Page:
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Older Adults Living on Low Incomes Need Housing Options

10/23/2015 08:18 EDT | Updated 10/23/2016 05:12 EDT
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Cape Town, South Africa

By Arlene Adamson and Irene Martin-Lindsay

It was recently reported that Calgary has some of the most expensive seniors' housing in Canada, at $3,100 a month, some $1,000 over the national average.

Headlines like these catch people's attention, especially during our recent election. There's no doubt that the article has a point: we do need more affordable seniors' housing in this country. The flip side is that this particular headline has the potential to stop seniors who need affordable housing from deciding to move, because they think all such housing is out of their reach economically or there is none to be had.

The story was based on a recent Federation of Canadian Municipalities report entitled "Seniors and Housing: The Challenge Ahead." And while we agree all federal candidates need to be aware of the challenges ahead, the reality on the ground in a recession-bound Calgary is different.

To begin with, it's important to look closely at the methodology of the report itself. The average costs for housing were based on Canada Mortgage and Housing Corp. data that does not include subsidized seniors' housing information. This is a big omission, especially for Calgary, where we have more than 5,200 subsidized independent living units and more than 900 subsidized supportive living units. Alberta actually has more public and not-for-profit seniors' housing than any other province in Canada, based on population.

In fact, our research at the Alberta Seniors Communities & Housing Association (ASCHA) shows that these subsidies are quite deep. Subsidized independent living units are usually governed by a rent-geared-to-income formula that means seniors only pay a maximum of 30 per cent of their income in rent.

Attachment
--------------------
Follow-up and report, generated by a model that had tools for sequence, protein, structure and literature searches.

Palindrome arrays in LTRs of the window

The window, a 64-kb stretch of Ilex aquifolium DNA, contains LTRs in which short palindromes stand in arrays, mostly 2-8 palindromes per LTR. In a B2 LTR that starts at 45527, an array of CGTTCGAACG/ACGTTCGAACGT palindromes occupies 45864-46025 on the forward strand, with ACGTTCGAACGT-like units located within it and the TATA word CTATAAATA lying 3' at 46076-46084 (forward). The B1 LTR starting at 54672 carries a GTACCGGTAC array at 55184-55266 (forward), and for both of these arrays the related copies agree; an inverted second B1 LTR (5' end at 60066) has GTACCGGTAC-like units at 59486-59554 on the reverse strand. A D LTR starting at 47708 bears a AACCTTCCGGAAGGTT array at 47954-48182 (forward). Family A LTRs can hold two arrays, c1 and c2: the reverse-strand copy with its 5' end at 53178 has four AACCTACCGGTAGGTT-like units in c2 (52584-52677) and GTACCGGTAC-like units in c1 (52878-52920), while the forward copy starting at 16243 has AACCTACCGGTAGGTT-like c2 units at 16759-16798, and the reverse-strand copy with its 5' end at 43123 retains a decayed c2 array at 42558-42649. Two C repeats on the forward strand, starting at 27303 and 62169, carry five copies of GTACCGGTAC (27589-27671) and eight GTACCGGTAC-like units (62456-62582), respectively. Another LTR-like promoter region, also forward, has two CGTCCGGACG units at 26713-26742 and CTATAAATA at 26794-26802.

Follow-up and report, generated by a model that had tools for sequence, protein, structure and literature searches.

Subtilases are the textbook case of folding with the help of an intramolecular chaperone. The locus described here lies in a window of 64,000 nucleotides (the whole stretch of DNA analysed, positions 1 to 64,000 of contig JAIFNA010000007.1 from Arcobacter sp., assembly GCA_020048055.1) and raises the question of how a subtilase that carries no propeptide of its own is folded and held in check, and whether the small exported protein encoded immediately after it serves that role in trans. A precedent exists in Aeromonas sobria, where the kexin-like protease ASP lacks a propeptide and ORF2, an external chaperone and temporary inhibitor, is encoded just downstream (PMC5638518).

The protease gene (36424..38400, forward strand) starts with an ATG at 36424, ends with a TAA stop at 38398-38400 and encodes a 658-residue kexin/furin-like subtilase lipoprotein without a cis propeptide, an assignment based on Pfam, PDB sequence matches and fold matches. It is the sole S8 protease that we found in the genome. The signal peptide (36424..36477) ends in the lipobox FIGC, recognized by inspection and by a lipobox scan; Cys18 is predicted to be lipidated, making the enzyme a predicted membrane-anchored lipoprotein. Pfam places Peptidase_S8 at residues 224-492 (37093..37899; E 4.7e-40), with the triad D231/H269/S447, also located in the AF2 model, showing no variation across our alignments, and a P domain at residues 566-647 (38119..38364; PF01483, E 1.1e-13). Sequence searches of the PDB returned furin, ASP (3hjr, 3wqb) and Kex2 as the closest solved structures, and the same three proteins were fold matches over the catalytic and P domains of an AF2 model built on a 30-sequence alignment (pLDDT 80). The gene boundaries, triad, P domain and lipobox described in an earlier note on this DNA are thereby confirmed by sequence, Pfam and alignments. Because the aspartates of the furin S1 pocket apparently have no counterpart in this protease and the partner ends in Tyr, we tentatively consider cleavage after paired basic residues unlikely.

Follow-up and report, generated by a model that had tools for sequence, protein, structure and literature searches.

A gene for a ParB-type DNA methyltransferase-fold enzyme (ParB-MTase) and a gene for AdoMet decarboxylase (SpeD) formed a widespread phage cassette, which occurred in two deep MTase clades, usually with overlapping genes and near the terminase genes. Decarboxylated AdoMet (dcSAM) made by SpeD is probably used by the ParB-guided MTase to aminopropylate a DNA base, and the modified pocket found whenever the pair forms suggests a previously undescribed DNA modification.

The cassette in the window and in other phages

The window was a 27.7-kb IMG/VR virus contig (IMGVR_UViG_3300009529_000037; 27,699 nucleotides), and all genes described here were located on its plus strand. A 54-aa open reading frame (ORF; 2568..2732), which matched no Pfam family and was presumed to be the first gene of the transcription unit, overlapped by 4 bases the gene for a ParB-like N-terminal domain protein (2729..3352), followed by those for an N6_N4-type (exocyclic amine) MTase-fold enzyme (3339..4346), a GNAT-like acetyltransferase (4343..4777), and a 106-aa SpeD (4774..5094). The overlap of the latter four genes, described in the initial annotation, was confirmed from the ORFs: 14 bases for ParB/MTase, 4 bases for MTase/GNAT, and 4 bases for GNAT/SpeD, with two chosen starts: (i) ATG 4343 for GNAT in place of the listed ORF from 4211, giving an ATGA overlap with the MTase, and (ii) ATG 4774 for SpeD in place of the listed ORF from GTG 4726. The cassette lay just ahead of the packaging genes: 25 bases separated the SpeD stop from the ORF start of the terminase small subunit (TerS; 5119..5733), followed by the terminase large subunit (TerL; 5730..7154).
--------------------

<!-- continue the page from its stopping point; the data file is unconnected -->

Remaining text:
ASCHA's online seniors housing directory provides a listing of public, not-for-profit and private seniors housing options. There are many units for average monthly rent at purpose-built seniors' residences well below $3,100 per month. In fact, this directory currently shows that approximately half of the sites are rent-geared-to-income, targeted to lower income seniors. Within Silvera for Seniors communities, which is the largest subsidized seniors' housing provider in Calgary, this means an average rent for an independent living unit of a little over $500 per month.

The other major concern is that rent in seniors' housing often includes much more than just housing, especially when we talk about supportive living. "Rent" can include meals, utilities, housekeeping, 24-hour staffing and life-enrichment programs as well.

Silvera operates a subsidized supportive living program on behalf of the government of Alberta in Calgary, and average rents for these communities are actually less than $1,300 per month.

Older adults living on low and fixed incomes definitely have options, and there is no reason for them to stay in homes when they need more support.

However, contrary to the report, at Silvera, we are seeing a slight rise in vacancy rates. Only two years ago, we were in the media reporting we had no vacancies. Today, we do. And being a member of ASCHA, along with other public organizations and private companies, we know that we are not the only ones experiencing this vacancy increase. In part, this is due to the nature of our business. As the average age of our residents is 84, there are a lot of moves, with some residents needing to move to a higher level of care, while others pass away.

Even given our temporary higher vacancy rate, we know that the long-term trend will be for more, not less, affordable seniors housing over the next three decades in Calgary. By 2042, the city is estimating that 15 per cent of Calgary's total population will be older adults, not all of whom will be able to afford market rates.

Agencies like Silvera are vital to ensure all older Canadians can enjoy life to the fullest without financial hardship as they age.

Arlene Adamson is the CEO of Silvera for Seniors, a charitable non-profit organization that provides homes to more than 1,500 lower-income seniors. She is also co-chair of the Seniors and Special Populations Sector Housing Committee and is on the board of the Alberta Seniors Communities and Housing Association.

Irene Martin-Lindsay is the CEO of the Alberta Seniors Communities & Housing Association.

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